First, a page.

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I'm trying to come to grips with the garden of the house I just bought. Pretty much all of the garden books I've looked at seem to assume one will be starting from scratch; does anyone have any advice about how to cope with an established garden that isn't necessarily established the way one wants it to be?
If it helps, I seem to have encountered three categories of problems: (1) "Is that the way it's supposed to be?", e.g., the bulbs that didn't bloom and I have no idea if they're supposed to bloom in the fall, or if they're dead. (2) "I can't believe they did that," e.g. wrapping landscape fabric around everything and burying it feet deep in mulch. Some of the plants appear to be rooted in mulch. (3) "I hate it," e.g. evergreen shrubs in a sheltered, south-facing bed.
-- Yvonne (firstname.lastname@example.org), April 26, 2000
Oh, Yvonne, you just described my garden. Read this:
And then go get this book:
It's about renovating old gardens. It's geared for people in cold climates, which has limited its usefulness for me, but it's a great resources for figuring out what's going wrong with old plants that need some TLC.
As for the other issues, the "I can't believe they did that" and "Man, I hate that" stuff, my advice is to go slowly, don't tear anything out until you have a plan regarding how you're going to replace it, and remember that it's your house now. I've wound up keeping a lot of things that I would never have planted because over time I've learned to appreciate how they fit in with the larger picture, but there have been a lot of things that just had to go.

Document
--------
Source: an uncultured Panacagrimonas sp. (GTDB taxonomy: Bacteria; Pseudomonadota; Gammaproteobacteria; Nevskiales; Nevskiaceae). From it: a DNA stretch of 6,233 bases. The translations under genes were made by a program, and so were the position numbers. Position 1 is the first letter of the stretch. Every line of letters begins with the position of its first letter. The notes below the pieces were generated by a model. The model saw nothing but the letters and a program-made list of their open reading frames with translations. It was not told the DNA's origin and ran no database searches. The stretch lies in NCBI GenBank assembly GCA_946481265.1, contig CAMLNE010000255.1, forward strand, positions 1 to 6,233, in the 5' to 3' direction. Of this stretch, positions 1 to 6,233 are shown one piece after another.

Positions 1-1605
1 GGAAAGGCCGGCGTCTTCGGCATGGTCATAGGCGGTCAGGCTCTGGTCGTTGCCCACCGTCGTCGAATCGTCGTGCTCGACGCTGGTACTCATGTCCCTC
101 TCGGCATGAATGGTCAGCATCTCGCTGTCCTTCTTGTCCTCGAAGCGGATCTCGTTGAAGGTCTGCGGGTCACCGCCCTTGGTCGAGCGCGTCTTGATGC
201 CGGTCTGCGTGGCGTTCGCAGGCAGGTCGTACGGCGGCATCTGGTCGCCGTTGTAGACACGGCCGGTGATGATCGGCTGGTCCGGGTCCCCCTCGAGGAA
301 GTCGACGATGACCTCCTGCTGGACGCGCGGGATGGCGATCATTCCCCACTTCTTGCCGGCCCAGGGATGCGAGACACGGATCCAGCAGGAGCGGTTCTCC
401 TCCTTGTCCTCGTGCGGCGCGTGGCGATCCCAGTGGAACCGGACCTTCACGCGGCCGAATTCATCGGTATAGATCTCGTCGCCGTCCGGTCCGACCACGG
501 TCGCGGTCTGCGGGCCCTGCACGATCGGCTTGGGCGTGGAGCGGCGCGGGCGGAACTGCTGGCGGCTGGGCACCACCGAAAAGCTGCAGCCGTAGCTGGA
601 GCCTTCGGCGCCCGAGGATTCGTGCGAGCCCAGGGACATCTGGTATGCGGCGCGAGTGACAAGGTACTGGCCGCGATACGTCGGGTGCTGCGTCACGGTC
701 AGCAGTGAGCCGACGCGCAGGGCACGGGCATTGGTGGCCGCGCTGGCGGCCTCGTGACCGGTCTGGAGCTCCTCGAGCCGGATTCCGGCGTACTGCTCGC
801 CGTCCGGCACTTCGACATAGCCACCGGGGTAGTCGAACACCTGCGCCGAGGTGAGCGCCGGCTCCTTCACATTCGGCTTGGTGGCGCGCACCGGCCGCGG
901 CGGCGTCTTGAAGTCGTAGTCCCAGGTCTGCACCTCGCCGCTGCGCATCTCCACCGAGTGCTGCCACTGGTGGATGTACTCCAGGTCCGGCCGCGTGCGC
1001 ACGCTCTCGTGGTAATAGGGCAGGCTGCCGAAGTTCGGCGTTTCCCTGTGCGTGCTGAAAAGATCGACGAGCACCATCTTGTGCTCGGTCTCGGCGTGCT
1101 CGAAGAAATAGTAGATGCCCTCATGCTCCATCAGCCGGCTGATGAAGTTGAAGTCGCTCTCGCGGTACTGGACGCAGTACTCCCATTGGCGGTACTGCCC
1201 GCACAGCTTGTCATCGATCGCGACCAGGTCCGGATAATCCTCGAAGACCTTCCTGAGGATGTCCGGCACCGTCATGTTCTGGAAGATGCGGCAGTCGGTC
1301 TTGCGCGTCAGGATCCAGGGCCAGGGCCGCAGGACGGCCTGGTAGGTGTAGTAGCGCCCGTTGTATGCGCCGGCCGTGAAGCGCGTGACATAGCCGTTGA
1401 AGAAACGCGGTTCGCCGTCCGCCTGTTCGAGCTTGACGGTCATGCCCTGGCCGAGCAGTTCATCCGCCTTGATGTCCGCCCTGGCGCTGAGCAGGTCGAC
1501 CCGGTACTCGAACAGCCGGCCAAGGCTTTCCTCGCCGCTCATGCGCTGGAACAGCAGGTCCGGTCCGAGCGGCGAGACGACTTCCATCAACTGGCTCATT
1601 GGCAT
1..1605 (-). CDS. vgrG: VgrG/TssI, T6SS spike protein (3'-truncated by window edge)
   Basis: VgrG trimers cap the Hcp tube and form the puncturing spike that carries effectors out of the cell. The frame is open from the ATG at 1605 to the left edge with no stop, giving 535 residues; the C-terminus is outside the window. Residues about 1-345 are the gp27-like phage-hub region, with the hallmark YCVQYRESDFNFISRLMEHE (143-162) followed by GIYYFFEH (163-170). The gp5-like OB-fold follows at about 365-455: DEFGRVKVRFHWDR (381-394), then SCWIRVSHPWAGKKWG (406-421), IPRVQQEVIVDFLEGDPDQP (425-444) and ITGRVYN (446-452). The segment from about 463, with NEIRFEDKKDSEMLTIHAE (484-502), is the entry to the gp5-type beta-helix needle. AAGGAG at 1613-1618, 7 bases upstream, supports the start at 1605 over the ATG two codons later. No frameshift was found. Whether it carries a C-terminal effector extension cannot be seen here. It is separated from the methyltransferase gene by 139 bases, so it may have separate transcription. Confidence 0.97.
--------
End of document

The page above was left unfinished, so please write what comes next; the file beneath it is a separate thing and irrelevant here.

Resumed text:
-- Beth (email@example.com), April 26, 2000.
_Landscape Magic_ looks like it will be incredibly useful.
I recently went to a plant sale run by the Master Gardeners' Foundation, and I got to talk to a lot of experienced gardeners about my yard woes. "Go slowly" was the advice that a lot of them gave. I think it's good advice, and in general that's what I'm trying to do. Unfortunately, whenever I go to perform some small task and discover major problems, I get an attack of garden rage. My latest example of this is digging a hole to plant sweet peas and finding out that the flowerbed is full of tin cans and two-by-fours. I think if I had to do it over, I'd do more exploratory poking around before I tried to plant anything, so that I'd get the unpleasant surprises out of the way early on.
-- Yvonne (firstname.lastname@example.org), April 28, 2000.
Two by fours? Oh man, I have nothing compared to that, but I did enherit a garden. Fortunately, there is enough right with this garden that I don't mind the wrongs. For instance, I've got some beautiful oriental poppies and an amazing bleeding heart that I probably never would have on my own. On the wrong side, I have lots of tall stuff toward the front of a large bed, and I also had to rip out an overgrown crop of lemon mint that threatened to suffocate everything in its wake. I've had to move numerous ornamental bushes after we tore down a fence and put up a new one in a new location. And I am constantly reminded of how nasty looking evergreen foundation plantings are - but I have to wait until we do all the exterior work on the house before I go to rip them out (and I will rip all of them out). Anyway, the slow route is always best. Definitely check things out before you get your heart set on planting in an area that might yield nasty surprises. I'm making changes and adding or moving things bit by bit and slowly but surely, I'm making it my garden. Good luck and I hope you don't encounter any more tin cans.
-- Moira (email@example.com), May 09, 2000.